1. Familiarise yourself with settlement
This formal process is typically handled between the buyer’s legal and financial representatives and their counterparts from the seller. It is when ownership is transferred from seller to buyer, and the balance of the sale price is paid by the buyer.
The settlement date in the contract sale is set by the seller. The property settlement period is generally 28 to 42 days but you can request to shorten the period if it is agreed to by the seller.
2. Organise your final inspection
As the buyer, you have the right to arrange an inspection to be performed on the property at any reasonable time during the week prior to settlement. You can set the inspection through your agent.
The property must be in the same condition as when it was sold when it is finally handed over by the seller to the buyer. Make sure all items noted in the contract are there and in the same condition.
3. Arrange for insurance
You will be advised by your lender to organise building and contents insurance. Doing this will protect your lender’s interest, and yours too.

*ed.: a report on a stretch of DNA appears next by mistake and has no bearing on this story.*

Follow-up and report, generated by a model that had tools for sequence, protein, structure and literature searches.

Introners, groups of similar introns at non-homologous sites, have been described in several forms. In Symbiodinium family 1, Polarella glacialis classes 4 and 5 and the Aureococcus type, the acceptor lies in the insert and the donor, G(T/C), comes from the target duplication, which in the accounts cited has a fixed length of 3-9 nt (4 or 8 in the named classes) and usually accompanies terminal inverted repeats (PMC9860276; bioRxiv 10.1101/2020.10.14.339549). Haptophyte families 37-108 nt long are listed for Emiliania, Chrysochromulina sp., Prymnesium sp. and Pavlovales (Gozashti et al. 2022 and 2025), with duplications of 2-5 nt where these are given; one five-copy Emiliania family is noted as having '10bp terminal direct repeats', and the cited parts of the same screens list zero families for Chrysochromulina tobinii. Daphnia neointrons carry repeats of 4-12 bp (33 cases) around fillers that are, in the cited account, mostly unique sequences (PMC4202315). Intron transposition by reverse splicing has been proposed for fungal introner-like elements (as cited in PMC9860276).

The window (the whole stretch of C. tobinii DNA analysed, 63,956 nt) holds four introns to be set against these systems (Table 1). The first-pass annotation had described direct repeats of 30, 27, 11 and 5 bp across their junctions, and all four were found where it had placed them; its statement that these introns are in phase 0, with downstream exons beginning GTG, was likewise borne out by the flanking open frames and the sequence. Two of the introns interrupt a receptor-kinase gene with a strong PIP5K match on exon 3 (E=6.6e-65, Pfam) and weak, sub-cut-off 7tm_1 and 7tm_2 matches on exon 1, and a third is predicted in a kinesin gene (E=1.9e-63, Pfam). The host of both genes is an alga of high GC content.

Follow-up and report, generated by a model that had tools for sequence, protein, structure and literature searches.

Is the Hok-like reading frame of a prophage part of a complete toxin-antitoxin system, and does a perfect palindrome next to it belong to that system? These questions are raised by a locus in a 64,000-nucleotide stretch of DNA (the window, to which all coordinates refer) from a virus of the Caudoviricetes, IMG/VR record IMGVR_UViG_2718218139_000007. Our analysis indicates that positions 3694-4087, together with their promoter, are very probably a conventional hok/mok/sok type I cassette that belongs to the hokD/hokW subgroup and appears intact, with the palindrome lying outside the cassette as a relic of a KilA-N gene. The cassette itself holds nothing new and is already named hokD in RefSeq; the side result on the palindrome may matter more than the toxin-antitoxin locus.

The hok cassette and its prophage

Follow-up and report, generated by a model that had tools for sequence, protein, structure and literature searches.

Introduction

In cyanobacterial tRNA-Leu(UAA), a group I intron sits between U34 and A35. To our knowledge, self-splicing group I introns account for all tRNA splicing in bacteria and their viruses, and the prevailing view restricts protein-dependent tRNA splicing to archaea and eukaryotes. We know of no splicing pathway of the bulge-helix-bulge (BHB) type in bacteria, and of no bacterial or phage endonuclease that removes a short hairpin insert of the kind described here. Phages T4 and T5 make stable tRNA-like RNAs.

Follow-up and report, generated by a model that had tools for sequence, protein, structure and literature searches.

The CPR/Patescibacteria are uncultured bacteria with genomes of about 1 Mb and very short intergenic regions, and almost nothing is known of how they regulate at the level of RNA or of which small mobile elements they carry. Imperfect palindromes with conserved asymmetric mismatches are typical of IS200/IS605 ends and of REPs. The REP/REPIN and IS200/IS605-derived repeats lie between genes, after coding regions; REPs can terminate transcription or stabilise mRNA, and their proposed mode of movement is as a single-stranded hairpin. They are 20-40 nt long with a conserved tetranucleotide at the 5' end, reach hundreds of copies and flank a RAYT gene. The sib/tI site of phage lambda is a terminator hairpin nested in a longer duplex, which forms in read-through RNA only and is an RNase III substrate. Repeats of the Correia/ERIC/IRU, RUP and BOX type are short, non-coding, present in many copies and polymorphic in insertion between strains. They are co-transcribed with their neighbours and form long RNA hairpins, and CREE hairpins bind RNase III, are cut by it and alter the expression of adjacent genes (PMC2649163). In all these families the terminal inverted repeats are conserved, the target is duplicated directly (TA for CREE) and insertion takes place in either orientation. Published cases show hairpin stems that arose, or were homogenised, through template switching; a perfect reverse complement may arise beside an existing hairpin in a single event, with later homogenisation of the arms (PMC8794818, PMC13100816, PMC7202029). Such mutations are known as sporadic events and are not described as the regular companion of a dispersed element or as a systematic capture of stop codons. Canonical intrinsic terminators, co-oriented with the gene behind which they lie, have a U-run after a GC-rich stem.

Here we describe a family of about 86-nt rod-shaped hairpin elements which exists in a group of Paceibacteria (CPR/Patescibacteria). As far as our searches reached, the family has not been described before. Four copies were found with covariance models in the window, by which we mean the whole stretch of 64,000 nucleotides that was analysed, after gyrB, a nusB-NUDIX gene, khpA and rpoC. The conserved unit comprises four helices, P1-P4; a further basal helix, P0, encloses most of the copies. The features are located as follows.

4. Know your outgoings
Settlement is the time when you and the seller adjust all outgoings, such as rates and other charges. Rates up to and including the day of settlement is the responsibility of the seller. The buyer’s responsibility begins starting the day following the settlement. Paying for stamp duty on the sale is also the responsibility of the buyer.
5. Get the keys
You can get the keys from the agent following the completion of the settlement and once they have received an 'order on the agent' to release the keys. Tis can take up to around an hour after settlement occurred. Be mindful of this as it may affect your removalist if you are moving the same day and they charge by the hour.